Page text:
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Boost for disused rail route path
The Trailway cuts through one of the hilliest parts of Dorset
The Trailway cuts through one of the hilliest parts of Dorset

The route of a disused railway is to be turned into a 10 mile (16km) traffic-free path, accessible to the public.

The Bridport Trailway will run on the former railway branch line from Maiden Newton to Bridport.

The plans have just received £5,000 from the Dorset Area of Outstanding Natural Beauty Fund, which supports projects that bring sustainable benefits to local communities.

Clearance work on the first part of the route is due to start in December.

Members of the Maiden Newton running club present Peter Henshaw with a cheque
Members of the Maiden Newton running club support the project

Funding boost

The idea of turning the route into a path have been talked about for over 15 years, but the £5,000 grant, along with a donation of £500 from a local running club, has helped push the project forward.

Club member Phil England, from Maiden Newton Runners, said: "The Trailway Path would open up a safe route for everyone to make the most of the scenery and help connect villages in the area."

The Trailway project is lead by Sustrans, - a national charity which works to find sustainable transport for the benefit of health and the environment.

It is responsible for the National Cycle Network - 12,000 miles of cycle track across the UK.

All weather surfaces

Co-ordinating the Bridport Trailway project is Peter Henshaw.

Currently, "80%" of the route is physically accessible but Peter says the project is more than just "closing the gaps":

"At the moment it's possible to walk all the way from Toller Porcorum through to Loders, but some sections are on private land, and also it's very muddy.

"We want to make the surfaces 'all weather', and suitable for wheelchair users too."

The route is 10 miles (16km) long
The route is 10 miles (16km) long

Securing access

The project needs to raise a further £5,000, which will go towards securing parts of the route that are on privately-owned land.

Peter said: "When the line closed, the track bed was sold off in pieces to local landowners nearby, so now we are talking to those landowners about getting access back.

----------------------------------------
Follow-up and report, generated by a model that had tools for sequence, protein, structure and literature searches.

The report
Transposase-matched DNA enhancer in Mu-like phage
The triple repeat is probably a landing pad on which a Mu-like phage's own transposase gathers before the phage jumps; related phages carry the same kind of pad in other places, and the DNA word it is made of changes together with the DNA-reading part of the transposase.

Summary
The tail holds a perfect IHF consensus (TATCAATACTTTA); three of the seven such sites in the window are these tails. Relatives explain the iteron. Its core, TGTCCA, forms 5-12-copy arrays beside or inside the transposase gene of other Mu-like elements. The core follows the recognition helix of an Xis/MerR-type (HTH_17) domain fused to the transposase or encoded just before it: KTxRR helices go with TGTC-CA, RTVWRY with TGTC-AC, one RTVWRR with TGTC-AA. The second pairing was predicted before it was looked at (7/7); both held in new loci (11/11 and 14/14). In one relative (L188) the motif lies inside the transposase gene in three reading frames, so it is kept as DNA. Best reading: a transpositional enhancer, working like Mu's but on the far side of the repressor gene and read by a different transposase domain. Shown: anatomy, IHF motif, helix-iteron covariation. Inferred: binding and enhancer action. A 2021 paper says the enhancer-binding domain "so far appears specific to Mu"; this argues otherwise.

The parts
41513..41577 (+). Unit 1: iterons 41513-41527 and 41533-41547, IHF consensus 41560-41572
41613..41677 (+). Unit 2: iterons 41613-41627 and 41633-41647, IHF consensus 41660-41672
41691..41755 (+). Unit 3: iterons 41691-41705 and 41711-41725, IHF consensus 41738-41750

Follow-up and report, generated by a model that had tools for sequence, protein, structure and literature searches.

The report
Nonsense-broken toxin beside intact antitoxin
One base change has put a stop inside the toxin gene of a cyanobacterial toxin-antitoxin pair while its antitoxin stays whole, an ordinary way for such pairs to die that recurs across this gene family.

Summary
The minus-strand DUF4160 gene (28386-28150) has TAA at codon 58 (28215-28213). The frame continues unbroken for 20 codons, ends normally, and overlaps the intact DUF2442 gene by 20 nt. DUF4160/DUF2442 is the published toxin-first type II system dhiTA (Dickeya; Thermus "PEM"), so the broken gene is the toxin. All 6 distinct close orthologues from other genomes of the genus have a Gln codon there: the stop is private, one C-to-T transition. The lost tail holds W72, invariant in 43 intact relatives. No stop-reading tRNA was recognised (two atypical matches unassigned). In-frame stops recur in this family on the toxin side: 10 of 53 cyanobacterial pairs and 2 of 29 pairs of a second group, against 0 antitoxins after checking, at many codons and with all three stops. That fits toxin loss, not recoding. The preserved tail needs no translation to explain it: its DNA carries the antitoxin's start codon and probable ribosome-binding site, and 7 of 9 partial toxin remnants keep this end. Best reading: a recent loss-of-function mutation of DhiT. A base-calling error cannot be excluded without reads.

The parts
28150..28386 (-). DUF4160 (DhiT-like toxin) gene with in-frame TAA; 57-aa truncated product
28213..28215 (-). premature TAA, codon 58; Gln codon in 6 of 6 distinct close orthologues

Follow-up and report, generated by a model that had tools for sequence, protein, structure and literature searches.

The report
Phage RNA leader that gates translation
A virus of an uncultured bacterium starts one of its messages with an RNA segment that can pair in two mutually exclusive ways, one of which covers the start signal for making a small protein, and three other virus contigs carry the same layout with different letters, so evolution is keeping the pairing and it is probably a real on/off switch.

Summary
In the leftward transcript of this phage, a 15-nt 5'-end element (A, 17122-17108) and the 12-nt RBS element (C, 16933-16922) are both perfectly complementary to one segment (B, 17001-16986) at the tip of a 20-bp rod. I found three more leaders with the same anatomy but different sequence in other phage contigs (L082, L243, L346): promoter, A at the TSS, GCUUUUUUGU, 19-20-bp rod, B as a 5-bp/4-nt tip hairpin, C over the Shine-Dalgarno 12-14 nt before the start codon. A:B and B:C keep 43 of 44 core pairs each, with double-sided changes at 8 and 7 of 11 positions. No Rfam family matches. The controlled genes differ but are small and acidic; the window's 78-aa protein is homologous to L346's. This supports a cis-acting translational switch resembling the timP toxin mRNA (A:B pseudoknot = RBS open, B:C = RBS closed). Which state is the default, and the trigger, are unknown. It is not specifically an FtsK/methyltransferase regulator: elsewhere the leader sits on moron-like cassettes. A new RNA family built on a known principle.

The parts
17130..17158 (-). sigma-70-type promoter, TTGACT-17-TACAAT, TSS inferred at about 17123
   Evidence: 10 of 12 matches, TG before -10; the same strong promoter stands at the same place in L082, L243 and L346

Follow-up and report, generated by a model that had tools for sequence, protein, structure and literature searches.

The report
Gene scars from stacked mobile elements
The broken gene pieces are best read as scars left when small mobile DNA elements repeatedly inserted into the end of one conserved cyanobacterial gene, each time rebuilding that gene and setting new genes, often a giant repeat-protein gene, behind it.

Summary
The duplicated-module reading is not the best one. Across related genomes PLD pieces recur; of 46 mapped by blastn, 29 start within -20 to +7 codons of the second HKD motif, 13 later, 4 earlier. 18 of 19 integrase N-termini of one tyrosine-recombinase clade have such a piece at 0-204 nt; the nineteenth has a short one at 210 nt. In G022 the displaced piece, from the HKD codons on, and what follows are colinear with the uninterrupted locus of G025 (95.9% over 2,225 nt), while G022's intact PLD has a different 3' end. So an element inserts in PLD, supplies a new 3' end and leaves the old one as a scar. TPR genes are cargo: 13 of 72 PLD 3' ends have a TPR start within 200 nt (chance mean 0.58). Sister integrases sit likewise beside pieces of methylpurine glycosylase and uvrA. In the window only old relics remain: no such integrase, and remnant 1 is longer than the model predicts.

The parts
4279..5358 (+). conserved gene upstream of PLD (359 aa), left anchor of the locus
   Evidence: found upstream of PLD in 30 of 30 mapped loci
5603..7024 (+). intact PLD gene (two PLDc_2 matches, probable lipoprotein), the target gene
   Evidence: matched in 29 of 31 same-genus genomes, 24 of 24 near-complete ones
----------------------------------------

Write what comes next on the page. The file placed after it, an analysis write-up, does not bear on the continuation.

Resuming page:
"We only have 12 or 13 landowners to negotiate with so that's not too bad - I know the North Dorset Trailway project had that many landowners in just one small section."

"The money we raise will go to buying back the land, or, in some cases, arranging a lease on it."

The route will be developed in short sections, with a two mile stretch between Toller Porcorum and Powerstock being the first to open by Spring 2010, with a further extension back to Maiden Newton coming after.

This will link up with a short 0.5 mile (0.8km) stretch already in place near Maiden Newton station, where the route begins.

Turning the route into a Trailway has been talked about for 15 years
Turning the route into a Trailway has been talked about for 15 years

"A nice project to do"

Peter estimates the project could take several years to complete and fundraising is continuing.

He said: "But it's a nice project to do. There are no rivers to work around, and all the original embankments and railway cuttings are all there, so there will be a clear a sense of the path's railway heritage as you go along it.

"I'm passionate about cycling and the Trailway will be great for that.

"But I hope it will be well used by local people.

"Yes it's good for tourism but the hope is that locals can use it to help their day-to-day journeys."

"It's a beautiful part of Dorset. It's also a very hilly area but the path will provide better access [to the places on the route].

"And all the hard work has been done by the railway engineers when they built the line."

The Beeching axe

The Maiden Newton-Bridport branch line closed to railway services in 1975, with the track removed shortly after.

The line was one of the last casualties of the 'railway rationalisation' measures recommended in a report by government advisor Dr Beeching.

His 1965 study saw the closure of 5,000 miles of track and 2,000 stations across the country, and Dorset lost several lines.

Towns like Wimborne and Blandford saw their stations close when The Somerset and Dorset Joint Railway line was removed, and a train service between Weymouth and Portland was also closed.

Many of these disused routes today remain as dedicated traffic free paths for walkers and cyclists, such as the Castleman Trail to Wimborne, the Rodwell Trail from Weymouth to Portland, and the North Dorset Trailway on the route of the former Dorset and Somerset Railway.



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